FIG. 1 shows a typical SIP application architecture. As shown in FIG. 1, when service providers deploy applications based on the SIP technique, there exist large SIP application server clusters for hosting applications, and these SIP application servers simultaneously handle concurrent SIP sessions from a large amount of SIP terminals. The workload of these SIP application servers can affect the performance and quality of large-scale telecommunication services. In front of these SIP application server clusters, there is a SIP stateless proxy between the SIP terminals and the SIP application servers for receiving, pre-processing and forwarding SIP messages.

According to the SIP, SIP User Agents (UAs) are end system units of a call, which include a User Agent Client (UAC) and a User Agent Server (UAS). A SIP Transaction includes a procedure of the UAC sending requests to the UAS and the UAS returning all the responses to the UAC. In the discussion of the specification, the transaction can be categorized into “client transaction” and “server transaction” from the perspective of the SIP application servers. In FIG. 1, the client transaction is defined as a transaction in which the SIP application server serves as the UAC while the SIP terminal device serves as the UAS; in contrast, the server transaction is defined as a transaction in which the SIP application server serves as the UAS while the SIP terminal serves as the UAC.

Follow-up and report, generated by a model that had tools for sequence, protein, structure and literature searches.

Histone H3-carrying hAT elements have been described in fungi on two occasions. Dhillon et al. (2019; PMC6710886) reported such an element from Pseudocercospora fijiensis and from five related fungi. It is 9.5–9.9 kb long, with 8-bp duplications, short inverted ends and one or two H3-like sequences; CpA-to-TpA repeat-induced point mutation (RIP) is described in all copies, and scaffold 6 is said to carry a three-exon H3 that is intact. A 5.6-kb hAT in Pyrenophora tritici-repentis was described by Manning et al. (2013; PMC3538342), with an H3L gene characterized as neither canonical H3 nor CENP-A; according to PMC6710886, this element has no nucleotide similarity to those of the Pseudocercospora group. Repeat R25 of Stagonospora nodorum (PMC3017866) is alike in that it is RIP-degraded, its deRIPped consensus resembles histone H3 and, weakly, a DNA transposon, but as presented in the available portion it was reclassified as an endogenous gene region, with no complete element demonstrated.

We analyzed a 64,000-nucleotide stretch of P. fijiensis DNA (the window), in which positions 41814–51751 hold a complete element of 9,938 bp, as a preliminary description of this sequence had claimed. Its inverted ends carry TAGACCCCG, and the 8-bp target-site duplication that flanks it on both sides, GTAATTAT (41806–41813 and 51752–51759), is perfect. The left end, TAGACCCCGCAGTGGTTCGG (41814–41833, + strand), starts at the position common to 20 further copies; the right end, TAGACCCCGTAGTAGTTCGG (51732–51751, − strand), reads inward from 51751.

The SIP is a type of signaling protocols, and the performance of transmitting and processing SIP messages is very important for SIP based applications. Many existed research works mainly focus on solving problems resulting from network environments and extremely high message flows. However, in practice, performance problems still exist and probably have serious impacts even when the workload is moderate and network resources are sufficient.

It is well known that the SIP is designed as a protocol independent of lower level transmission mechanisms. In practice, the User Datagram Protocol (UDP) is usually utilized to transmit SIP messages. Since the UDP does not ensure that the messages can be delivered reliably, a message retransmission mechanism is designed in the SIP to improve the reliability of message delivery. In fact, as the sender has no knowledge of the delivery procedure of the transmitted messages in the network, it can not be determined by the sender whether a certain message is lost or delayed during the process of message delivery or processing. Therefore when a required response message has not been received after a predetermined period of time, the sender will retransmit the transmitted message until the required response message has been received or the transmission has been timeout. If the initial message is not lost but delayed, and the sender has retransmitted the message, both of the initial message and the retransmitted message(s) will reach the destination. At this time, the retransmitted message does not carry more information, but increases the processing overhead at the destination, such retransmission is referred to as redundant retransmission. In an IP network, since a SIP User Agent (UA), which is located between a SIP terminal and a SIP application server, cannot have the global view of the SIP message transmission and processing, the redundant retransmission of the messages is inevitable and such redundant retransmission may heavily and negatively affect the performance of the application server when processing a large amount of SIP transactions.